Genre Language & Literature. Page - 1
The essay “Self-Reliance” consists of many entries that include journal entries and lectures delivered by Emerson. There is no formal thesis statement or well-organized paragraphs. The essay lacks a formal structure. The essay is divided into three sections: the importance of self-reliance, self-reliance and the individual, and self-reliance and society. The essay discusses self-reliance as a virtue and compares it with different modes of agreement.
"Let us reject this decree," said the princes. "In matters of conscience the majority has no power." To protect liberty of conscience is the duty of the state, and this is the limit of its authority in matters of religion. Every secular government that attempts to regulate or enforce religious observances by civil authority is sacrificing the very principle for which many people so nobly struggled. The principles contained in this celebrated Protest … constitute the very essence of true liberty. Now the Protest opposes two abuses of man in matters of faith: the first is the intrusion of the civil magistrate, and the second the arbitrary authority of [religion]. Instead of these abuses, the Protest sets the power of conscience above the magistrate, and the authority of the word of God above the visible church. In the first place, it rejects the civil power in divine things ... The protesters had moreover affirmed their right to utter freely their convictions of truth. They … denied the right of priest or magistrate to interfere and it was an assertion of the right of all men to worship according to the dictates of their own consciences.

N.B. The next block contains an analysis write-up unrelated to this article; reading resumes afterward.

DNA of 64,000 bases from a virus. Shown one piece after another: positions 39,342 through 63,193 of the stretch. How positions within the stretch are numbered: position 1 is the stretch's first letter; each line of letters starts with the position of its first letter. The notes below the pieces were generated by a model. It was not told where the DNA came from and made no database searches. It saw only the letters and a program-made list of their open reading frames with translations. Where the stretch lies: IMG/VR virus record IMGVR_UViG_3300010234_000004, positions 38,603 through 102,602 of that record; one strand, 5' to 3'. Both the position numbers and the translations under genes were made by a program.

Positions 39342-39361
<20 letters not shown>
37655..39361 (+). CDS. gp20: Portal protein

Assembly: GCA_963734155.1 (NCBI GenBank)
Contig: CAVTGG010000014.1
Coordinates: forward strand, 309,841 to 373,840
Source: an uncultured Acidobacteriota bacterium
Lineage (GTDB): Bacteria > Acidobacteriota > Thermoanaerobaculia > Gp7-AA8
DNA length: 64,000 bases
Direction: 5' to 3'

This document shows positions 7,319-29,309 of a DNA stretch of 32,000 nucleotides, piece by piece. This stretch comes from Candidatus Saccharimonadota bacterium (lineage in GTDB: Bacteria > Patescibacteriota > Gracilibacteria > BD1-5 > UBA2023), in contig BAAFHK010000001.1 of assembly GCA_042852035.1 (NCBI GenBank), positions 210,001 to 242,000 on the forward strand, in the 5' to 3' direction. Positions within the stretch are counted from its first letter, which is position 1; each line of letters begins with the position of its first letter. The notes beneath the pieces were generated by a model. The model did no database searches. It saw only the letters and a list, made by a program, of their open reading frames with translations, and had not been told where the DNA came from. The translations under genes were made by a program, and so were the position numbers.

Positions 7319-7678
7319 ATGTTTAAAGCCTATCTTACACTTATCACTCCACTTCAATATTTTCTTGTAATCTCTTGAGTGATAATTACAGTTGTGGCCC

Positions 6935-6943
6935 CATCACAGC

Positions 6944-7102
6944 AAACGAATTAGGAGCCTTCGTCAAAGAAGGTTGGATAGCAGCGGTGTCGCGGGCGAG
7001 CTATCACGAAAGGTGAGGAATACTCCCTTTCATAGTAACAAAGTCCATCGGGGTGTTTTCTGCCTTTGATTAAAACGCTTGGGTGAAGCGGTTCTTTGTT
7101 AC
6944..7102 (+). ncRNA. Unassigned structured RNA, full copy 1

“The Call of the Wild” was first published in 1903 in the Saturday Evening Post. Macmillan Publishers published it in the same year. The “Call of the Wild” is set during the Klondike Gold Rush in Canada elaborately shows the readers the painful, powerful, experiences of Buck. The story takes place in the extreme climatic conditions at Yukon. The events in the life of Buck that transforms him into a powerful leader are told interestingly.
In her stories, Kate Chopin portrays women who wish to enjoy spiritual and sexual freedom. Most of the women writers who lived during 19th century were mainly interested in improving the social conditions of women. However, Kate Chopin searched for an understanding of personal freedom that questioned traditional expectations of both men and women. The characters in her stories are mostly inhabitants of Louisiana. Many of her stories are set in Natchitoches in north central Louisiana.
The entire plot of “The Metamorphosis” revolves around an instance of absurdity. Gregor Samsa wakes up one day to find himself transformed into a big bug. This sudden transformation keeps his family and his employer at a loss. When the family finds alternate ways to support their financial requirements, they start to neglect him. Gregor realizes that he has become a burden to the family. He decides to come out of his isolation and regain the love of his family.
John D. Wightman creates a universe of mirrors in his continuing poetic sequence Coincides Yon Latrine, though not mirrors as reflections so much as translations, with one part of a middle-justified poem responding to one or more other center-justified parts, prey to the same invisible gravity. There is no set procedure—this is an artist's logbook and follows the caprices of the days—but one half usually involves modified translations of writing by Wightman’s poetic and philosophical predecessors (Baudelaire, Horace, Jammu and St. Augustine among others), and the other half is a response which can take on any number of forms of address, including the minimal Creeley-esque lyric, the Longport stew, or, most distinctly, the spontaneously spiritual or religious affirmation, making him sound often like a latter-day Henry Vaughn or, with his prolixity, John Clare.
What is concrete poetry? Concrete poems are objects composed of words, letters, colors, and typefaces, in which graphic space plays a central role in both design and meaning. Concrete poets experimented boldly with language, incorporating visual, verbal, kinetic, and sonic elements. Verse that emphasizes nonlinguistic elements in its meaning, such as a typeface that creates a visual image of the topic.